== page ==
How To Find The Perfect Niche. Part 3 [Copywriting Niches]

In the final part of this niche selection mini series, we’re looking at lucrative niches that anyone can go after.

These niches always bring a return on investment – assuming these three things: 1) you know how to write persuasively, 2) you know who your audience is, and 3) you know how to negotiate.

If you have no idea about any of those, then [PLUG ALERT] get yourself a copy of my book “COPY” at any branch of Amazon – search “copy quentin pain” and it will show up (and if you’re one of the few who have got it, let me know in the comments if you found it useful or not).

There are an infinite number of niches, but at first sight, you’d be forgiven for thinking it’s limited in some way. It isn’t. Pick up any object you see around you, and I can guarantee there’s not just one niche for it, but a massive number.

Let’s take paper. Everyone has one or more pieces of paper scattered about within their reach. That may be in the form of a book, which is a massive niche – one that spawned the fastest growing company in the history of the world – Amazon.

Or it could represent the paper manufacturing industry, or the electronic font industry, or the magazine industry, or the forensic handwriting industry, or the paper airplane niche, or, or, or, you get the idea.

But none of that is useful without knowing two things: 1) is it lucrative?, and 2) is there enough interest? (don’t worry about niche’s being overcrowded for whatever reason – none are – the world is always expanding).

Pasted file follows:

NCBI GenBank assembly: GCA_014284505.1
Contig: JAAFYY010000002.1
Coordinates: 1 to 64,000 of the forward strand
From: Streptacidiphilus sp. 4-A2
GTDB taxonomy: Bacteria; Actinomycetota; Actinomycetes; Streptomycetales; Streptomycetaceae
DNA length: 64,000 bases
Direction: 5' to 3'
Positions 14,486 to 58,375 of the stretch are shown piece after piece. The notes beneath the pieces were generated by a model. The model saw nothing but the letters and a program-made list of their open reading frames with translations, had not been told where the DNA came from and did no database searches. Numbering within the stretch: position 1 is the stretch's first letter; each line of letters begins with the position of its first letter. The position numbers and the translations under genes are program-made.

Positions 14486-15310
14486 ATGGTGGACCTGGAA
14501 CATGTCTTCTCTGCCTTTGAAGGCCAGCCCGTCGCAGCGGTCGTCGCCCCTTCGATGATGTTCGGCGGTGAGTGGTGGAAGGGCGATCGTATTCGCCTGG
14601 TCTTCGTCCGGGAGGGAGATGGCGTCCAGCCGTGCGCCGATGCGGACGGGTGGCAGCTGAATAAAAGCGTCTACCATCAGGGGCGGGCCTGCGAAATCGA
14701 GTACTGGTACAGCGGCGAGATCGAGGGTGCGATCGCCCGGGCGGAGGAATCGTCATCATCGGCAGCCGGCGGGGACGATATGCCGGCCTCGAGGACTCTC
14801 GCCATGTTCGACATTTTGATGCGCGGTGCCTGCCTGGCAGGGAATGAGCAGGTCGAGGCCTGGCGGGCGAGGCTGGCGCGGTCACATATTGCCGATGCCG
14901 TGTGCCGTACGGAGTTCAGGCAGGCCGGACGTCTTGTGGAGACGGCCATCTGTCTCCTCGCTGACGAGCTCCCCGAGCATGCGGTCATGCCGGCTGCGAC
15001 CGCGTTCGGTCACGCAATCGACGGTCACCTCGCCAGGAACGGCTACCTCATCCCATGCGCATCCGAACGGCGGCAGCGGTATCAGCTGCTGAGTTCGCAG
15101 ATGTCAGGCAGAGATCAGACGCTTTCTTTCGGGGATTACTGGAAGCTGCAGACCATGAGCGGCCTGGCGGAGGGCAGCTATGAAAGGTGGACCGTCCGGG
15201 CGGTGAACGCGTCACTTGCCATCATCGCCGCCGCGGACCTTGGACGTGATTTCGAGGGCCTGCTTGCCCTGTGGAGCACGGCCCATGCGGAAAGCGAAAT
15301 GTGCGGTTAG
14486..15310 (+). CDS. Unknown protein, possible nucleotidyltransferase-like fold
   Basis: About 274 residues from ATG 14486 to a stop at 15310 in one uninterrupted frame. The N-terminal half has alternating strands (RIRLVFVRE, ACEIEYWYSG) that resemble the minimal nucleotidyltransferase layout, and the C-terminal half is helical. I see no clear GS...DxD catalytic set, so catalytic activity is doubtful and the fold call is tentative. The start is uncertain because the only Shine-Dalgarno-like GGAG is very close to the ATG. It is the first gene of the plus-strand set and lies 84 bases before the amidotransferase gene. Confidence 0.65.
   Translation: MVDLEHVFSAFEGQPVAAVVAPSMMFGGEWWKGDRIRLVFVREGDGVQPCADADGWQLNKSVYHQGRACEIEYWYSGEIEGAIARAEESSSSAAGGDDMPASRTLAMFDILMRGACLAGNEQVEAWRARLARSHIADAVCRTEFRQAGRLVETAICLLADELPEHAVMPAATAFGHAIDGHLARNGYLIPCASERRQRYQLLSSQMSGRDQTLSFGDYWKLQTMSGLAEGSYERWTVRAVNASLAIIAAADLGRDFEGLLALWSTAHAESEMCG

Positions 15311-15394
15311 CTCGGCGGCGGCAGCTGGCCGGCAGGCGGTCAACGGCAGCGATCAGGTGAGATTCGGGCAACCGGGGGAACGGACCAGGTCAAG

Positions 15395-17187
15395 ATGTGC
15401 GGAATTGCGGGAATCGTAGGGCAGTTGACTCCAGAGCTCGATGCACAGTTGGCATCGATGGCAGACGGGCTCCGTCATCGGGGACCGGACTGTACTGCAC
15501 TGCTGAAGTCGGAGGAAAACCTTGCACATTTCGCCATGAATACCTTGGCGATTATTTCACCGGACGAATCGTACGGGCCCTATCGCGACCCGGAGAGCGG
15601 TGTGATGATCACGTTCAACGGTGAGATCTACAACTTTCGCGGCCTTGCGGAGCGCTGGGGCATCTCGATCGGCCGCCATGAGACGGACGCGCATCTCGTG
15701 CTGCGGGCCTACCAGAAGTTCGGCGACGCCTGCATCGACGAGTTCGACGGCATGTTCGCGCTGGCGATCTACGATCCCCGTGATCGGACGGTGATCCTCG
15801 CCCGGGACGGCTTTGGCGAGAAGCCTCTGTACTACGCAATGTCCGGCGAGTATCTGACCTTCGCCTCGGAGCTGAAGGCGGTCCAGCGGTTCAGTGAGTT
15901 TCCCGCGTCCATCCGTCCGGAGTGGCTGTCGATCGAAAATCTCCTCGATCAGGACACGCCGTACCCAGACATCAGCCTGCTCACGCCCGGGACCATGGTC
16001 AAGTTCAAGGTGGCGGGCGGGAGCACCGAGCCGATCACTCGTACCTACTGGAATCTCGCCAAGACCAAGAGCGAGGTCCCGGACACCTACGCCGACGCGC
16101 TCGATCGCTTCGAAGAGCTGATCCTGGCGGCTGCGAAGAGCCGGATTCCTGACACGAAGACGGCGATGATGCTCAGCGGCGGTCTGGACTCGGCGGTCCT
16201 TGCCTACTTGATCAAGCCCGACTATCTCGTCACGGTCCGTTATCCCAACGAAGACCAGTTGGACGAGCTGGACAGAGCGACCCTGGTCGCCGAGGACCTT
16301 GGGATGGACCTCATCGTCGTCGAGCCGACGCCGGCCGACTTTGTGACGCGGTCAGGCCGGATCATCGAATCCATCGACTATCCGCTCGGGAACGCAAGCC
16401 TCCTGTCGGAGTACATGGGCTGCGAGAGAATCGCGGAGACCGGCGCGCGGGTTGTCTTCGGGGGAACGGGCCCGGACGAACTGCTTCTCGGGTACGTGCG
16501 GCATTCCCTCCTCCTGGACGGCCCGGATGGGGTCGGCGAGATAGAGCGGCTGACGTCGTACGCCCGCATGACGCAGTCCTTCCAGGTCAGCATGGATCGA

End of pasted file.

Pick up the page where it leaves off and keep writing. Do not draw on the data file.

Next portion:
So let’s take them both together – is it lucrative and popular? Google will answer that in a microsecond. Type your niche’s name into Google with the word ‘buy’ before or after it and see what comes up in the ads (e.g., “buy books” or “buy iphone”).

If there are no ads, forget it. If there are only the standard 4 ads above and below the organic results, it’s an OK niche (if there are less than 4 ads, it’s probably not a good niche).

But if there are also Google carousels or Google shopping results along with the standard ads and organic listings, then you know this particular market is lucrative and popular (meaning there’s money in it and people are willing so spend money to generate more).

Which means that the world is truly your oyster (assuming you’ve read parts 1 and 2 of this series and have been stuck on finding a good niche).

Don’t stop at just looking what’s around you for inspiration though. Go through every room in your house and think about each object. Do the same when you go out (also look at the stuff in your car if that’s how you travel).

Look at the stuff in the shops you visit too. Look at the variety of shops you pass along the way. Listen to your feelings as you make a note of each one – do they perk you up? Make a note of those that do, then search Google again.

Now, there’s one reason this won’t work, and that reason is good ‘ol procrastination. If you suffer from that. Go here:

PS. Let me know of any weird niches you uncover (like the goat niche that Dave Montore mentioned in a comment from an earlier post in this series).



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